If you’ve ever wondered how crunch decisions like these are made in large companies, then wonder no more. It is tough going, brother, with lengthy debates back and forth.

The principal program manager lead on Windows is here to offer the lowdown on what went down behind the scenes. Chaitanya Sareen, in an interview with CNET, talks about the internal debate about whether or not to include the desktop Start button during Windows 8 development.

A very, very long discussion he says:

“It’s not like someone sits there and says, ‘There will be no start button.’ It’s a long discussion. A very, very long discussion.”

All said and done, though, the final decision to remove such a key feature altogether in Windows 8 vanilla was a move that many (some would say most) people that used the modern operating system considered a mistake.

The senior executive terms this as taking a warm blanket away from a person — suddenly.

And we all know how that feels!

Microsoft, however, has been making the necessary changes to rectify this mistake. Windows 8.1 brought back the Start Button, and now a future update to the operating platform is said to be bringing back the Start Menu. That, or Windows 9, for sure.

Sareen, does mention that Microsoft is now responding faster and faster to feedback, then before. It is hard not to believe what the man says, what with how things have panned out in the past few months.

Related Posts

Microsoft has just launched a new video series called Microsoft Unboxed, with the goal of...

Sweet penny! As we, hopefully, all know by now, Microsoft will be ending support for Windows 7...

Windows Update, of all things! Microsoft has confirmed that it has fixed the Windows Update bug...

  1. It’s a shame they have to bow to the few when the many are happy with the way it is and it’s better for them anyway, even if they refuse to admit it.

    • I love Start Screen, but it’s better to have options. I’m sure Start Screen isn’t going anywhere even when Start menu comes back!

      • I agree, Mayank. I actually prefer the menu still, but I would like there to be the option of either. It shouldn’t be too difficult.

  2. The amazing thing is that most of us could have intuitively told them they were making a mistake from the get-go.

    • Bill Franklin / April 3, 2014 at 1:40 pm /Reply

      Right on, Keith. Did they even conduct surveys or market research on this one?

      • They have data and statics on a lot of things. I’m sure the data showed them that the use of the start menu is not as heavy as it once was. Some people really use it a lot, but I do question if everyone complaining about its removal uses it that much

        • Most people use it as program launcher and that is what start screen is for. But for most people, they like to have more and more features and that’s why Office is such big monster. Most people could only use a small part of it but if you take away some features right on their face, they will complain.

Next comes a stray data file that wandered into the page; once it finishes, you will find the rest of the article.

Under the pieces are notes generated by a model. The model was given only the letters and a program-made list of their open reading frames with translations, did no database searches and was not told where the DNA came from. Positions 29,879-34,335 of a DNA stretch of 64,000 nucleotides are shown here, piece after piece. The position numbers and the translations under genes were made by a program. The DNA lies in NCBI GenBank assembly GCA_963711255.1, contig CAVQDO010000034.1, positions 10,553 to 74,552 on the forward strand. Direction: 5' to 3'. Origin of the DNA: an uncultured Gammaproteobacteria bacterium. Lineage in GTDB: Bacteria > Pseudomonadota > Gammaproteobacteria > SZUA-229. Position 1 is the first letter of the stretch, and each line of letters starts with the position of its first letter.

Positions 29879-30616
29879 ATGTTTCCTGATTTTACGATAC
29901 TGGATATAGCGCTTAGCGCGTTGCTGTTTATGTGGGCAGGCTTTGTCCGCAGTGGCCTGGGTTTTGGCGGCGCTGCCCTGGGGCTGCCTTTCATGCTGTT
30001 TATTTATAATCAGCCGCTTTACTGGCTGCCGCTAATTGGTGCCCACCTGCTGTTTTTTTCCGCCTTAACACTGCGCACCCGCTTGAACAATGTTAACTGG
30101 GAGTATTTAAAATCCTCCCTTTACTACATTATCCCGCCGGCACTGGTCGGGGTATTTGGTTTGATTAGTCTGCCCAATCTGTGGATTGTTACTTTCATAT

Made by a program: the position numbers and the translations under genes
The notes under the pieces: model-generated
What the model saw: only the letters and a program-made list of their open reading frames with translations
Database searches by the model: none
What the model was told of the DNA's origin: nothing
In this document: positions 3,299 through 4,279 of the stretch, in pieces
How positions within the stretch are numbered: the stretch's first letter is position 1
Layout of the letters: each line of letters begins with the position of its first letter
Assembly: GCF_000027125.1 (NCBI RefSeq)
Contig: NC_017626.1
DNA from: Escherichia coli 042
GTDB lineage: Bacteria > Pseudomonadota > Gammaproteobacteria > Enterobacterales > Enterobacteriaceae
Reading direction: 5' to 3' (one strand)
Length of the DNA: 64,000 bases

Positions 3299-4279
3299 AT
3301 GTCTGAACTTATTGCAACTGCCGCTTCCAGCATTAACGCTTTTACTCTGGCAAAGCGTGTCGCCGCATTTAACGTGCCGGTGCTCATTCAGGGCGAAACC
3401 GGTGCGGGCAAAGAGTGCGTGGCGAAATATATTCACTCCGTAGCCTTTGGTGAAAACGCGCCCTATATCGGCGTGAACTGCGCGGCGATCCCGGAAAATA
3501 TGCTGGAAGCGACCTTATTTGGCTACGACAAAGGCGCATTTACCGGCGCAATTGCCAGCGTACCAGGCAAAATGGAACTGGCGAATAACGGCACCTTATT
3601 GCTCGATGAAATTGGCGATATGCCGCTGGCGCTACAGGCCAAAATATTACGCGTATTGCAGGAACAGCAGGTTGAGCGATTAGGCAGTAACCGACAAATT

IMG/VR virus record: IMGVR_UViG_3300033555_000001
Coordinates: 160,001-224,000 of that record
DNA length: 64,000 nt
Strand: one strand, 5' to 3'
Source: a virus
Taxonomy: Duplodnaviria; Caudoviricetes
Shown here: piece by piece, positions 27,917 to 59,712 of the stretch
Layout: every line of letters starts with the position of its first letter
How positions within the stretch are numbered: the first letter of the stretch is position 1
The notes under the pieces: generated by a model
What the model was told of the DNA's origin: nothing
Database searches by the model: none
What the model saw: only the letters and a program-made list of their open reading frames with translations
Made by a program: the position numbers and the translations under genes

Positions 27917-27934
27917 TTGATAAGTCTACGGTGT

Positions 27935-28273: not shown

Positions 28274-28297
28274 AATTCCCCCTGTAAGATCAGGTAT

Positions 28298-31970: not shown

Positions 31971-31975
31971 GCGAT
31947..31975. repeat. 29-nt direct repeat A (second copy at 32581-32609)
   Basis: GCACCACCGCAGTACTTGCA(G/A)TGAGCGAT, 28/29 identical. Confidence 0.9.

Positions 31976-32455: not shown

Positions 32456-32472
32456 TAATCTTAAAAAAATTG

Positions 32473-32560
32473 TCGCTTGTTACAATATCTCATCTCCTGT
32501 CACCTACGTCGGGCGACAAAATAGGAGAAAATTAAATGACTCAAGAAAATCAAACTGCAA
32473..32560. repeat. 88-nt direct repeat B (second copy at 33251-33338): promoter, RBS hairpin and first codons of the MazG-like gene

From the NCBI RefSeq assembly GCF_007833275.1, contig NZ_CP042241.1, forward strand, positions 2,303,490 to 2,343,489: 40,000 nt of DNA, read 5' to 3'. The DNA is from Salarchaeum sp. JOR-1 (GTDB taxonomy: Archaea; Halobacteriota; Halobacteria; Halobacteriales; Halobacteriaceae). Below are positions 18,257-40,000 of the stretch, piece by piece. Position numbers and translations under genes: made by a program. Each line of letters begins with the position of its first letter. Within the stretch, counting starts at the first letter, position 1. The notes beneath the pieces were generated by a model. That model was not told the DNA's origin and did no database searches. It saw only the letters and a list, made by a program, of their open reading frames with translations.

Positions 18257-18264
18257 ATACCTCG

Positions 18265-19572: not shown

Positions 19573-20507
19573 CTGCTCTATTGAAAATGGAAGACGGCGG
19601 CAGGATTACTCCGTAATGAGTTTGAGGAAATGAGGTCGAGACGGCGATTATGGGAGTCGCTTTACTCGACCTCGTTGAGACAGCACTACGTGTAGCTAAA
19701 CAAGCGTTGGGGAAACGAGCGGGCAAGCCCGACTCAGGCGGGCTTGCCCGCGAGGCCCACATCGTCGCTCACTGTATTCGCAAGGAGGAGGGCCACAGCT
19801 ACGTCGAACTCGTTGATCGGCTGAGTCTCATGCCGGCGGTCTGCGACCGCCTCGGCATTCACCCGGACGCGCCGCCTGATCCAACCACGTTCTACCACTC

3. Perfect analogy. I’m glad it’s coming back!

  4. Only kids can’t get over missing their warm blanket. And the main reason “most people” thought it was a mistake is because most of their sources of advise or tech news were telling them how big a mistake it was. Even the few that said it personally was fine the way it was refused to speak up. Yes, some people had some good reasons for why they missed the start menu, but far less of those people gave any reason for why they HAD to have it. I would have been fine with the 8.1 start list with them simply adding libraries to recently opened to the list

    • I miss the start menu. I agree with a lot of what you’re saying, but I think the fair compromise is giving people the option to have it, which we know is plausible for the software. Everyone wins.

    • Keyboards came up with the Start Key 15 years ago for a reason. The simple truth is that the Start Screen offered no real benefit over the Start Menu and the Apps requiring a completely new programming API really is what shot it in the foot.

      People spoke up because a lot more people incorporated it daily then you people that blow it off like it doesn’t matter did. I’m happy for those that adapted to an unnecessary or needed change. All they had to do was create an interchangeable OS in the settings that turned on and off Metro. It wasn’t that hard. Bottom line is they don’t have these 6 year cycles to screw up a OS anymore. The world is changing and Microsoft needs to discover its identity and stop making stupid gambles without consulting to ALL types of users. Not just a specialty class like they did with Windows 8.

      • When I install those legacy x86 programs and specify to add to start menu, it will add to start screen instead. So there is no new API between start menu and start screen. Old programs can’t distinguish both.

    • They are really crying like a kid.

Leave a Reply